Symptoms and Replacement Cost: Car Flywheel
A flywheel is a round, metal piece with gear teeth on it that stores energy in rotation. It minimizes vibration and keeps every gear in order during clutch engagement.
With such heavy responsibilities, it can be really frustrating when it stops working. But you can’t tell if it’s working or not by looking at the car, since it’s mounted in a hidden place inside the engine compartment.
So how do you know if you have a bad flywheel? How much does it cost to fix or replace it? These are the questions we’re going to answer in this article.
When you’re shifting and the transmission doesn’t move to the next gear, or you get it into the next gear but it goes back to the previous one, you have slipping gears.
If your clutch and everything else is in working order, then you likely have a bad flywheel. Also, grinding of your plates, friction and contamination of your oil are all happening when your flywheel is bad.
Here are the two most obvious signs of slipping gears – and a bad flywheel:
- You have a clutch pedal that’s soft when you engage it,
- The gear is slow in engaging when you release the clutch.
Something Smells Like It’s Burning
If the facings on your clutch take on too much heat, they can start to “burn”. It will smell like you left bread in the toaster too long. If you encounter this, don’t just blow it off. It can get worse, causing other problems, and on top of it, more expense. Do yourself a favor and get your flywheel checked and replaced before it’s too late.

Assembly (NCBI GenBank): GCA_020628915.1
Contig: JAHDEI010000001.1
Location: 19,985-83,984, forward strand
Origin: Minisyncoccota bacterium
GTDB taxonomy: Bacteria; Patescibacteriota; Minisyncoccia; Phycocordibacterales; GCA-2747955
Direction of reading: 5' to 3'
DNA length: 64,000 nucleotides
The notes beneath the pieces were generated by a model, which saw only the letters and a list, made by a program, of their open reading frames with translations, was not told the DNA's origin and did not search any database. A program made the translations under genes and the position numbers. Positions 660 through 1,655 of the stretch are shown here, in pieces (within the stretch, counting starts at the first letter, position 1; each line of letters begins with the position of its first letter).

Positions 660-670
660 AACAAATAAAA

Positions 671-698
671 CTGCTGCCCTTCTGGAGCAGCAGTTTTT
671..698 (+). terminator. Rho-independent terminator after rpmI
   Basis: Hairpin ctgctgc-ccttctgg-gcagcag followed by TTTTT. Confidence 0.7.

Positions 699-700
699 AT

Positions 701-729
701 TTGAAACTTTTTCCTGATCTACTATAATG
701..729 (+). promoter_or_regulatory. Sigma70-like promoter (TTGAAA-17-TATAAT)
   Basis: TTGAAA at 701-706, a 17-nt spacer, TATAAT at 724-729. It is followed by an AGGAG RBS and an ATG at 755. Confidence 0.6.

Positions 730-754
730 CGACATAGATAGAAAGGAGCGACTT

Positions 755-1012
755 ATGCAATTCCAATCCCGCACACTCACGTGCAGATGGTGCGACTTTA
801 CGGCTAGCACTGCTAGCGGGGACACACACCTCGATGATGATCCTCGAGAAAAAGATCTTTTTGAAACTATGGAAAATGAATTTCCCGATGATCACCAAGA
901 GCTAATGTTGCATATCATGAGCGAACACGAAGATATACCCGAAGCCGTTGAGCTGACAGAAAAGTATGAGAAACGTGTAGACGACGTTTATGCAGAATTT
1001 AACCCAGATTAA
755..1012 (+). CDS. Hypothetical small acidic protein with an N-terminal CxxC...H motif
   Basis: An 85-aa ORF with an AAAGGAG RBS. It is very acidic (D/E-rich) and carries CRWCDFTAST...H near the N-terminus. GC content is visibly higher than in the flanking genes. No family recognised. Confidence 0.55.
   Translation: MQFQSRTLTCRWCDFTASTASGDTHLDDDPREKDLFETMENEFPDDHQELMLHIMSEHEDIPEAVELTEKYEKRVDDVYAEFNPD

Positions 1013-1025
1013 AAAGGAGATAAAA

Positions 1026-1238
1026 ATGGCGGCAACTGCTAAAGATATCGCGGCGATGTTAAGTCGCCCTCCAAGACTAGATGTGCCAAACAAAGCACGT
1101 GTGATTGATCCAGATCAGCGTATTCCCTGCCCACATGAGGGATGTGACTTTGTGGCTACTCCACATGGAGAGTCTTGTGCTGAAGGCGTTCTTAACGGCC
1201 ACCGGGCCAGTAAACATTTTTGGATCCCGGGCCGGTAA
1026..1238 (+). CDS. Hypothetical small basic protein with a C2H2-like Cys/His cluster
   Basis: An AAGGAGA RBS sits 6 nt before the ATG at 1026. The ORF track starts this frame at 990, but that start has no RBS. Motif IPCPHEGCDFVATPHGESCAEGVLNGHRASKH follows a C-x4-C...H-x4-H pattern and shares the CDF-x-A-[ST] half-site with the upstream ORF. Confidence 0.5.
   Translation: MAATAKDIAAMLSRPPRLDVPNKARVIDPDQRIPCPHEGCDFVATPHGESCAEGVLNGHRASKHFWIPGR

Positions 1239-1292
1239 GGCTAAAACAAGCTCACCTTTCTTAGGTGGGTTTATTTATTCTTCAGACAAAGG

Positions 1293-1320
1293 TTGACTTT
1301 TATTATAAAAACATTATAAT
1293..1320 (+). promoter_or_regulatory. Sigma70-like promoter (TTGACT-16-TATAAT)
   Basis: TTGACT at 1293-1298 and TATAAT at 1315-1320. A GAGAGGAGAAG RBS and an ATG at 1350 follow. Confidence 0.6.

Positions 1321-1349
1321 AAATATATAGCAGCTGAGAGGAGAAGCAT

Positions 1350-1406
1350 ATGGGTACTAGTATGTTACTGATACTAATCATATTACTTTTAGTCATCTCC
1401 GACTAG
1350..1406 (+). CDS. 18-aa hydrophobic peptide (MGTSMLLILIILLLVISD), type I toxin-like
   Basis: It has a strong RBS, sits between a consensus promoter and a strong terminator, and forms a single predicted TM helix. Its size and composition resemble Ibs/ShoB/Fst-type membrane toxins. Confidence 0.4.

One way to prevent this in the future is to avoid overuse of the clutch. For one thing, it’s only going to wear it out long before it’s due.
Shuddering in the Clutch
Intense vibration felt on the car floor during clutch operation is a sure sign of a bad flywheel. It happens because the spring mount has failed, and it will linger every time you use the clutch.
If you have this going on with your car, you need to get it looked at right away. Don’t think you can just drive it like it is without risking further damage to the clutch.
As with most parts on cars, the cost of replacing the flywheel on one car may be vastly different from another vehicle. It depends on the make and model and several other factors.
But if you want a few hard numbers, here they are, on a national level. Some parts are as low as $36, but can be as high as $400 or more. That’s just for parts. At current mechanic’s rates you could pay at least $500 for labor only. It’s that much for a reason. Replacing a flywheel is nowhere near as easy as replacing an air filter. It’s a difficult job inside a tight area.
Bottom line, plan your budget conservatively, from at least $500 to over $1,000. Don’t forget to add sales tax!
Of course, if you are a mechanic and you have the know-how to get it done, or you have a friend who does, you can cut your replacement expense in half or better.
A problem flywheel is a major problem, but it doesn’t have to be the end of the world. But many people let warning signs go too long, and then it becomes a money pit. Pay attention to these warning signs. Even if you can’t avoid the replacement cost, there are options.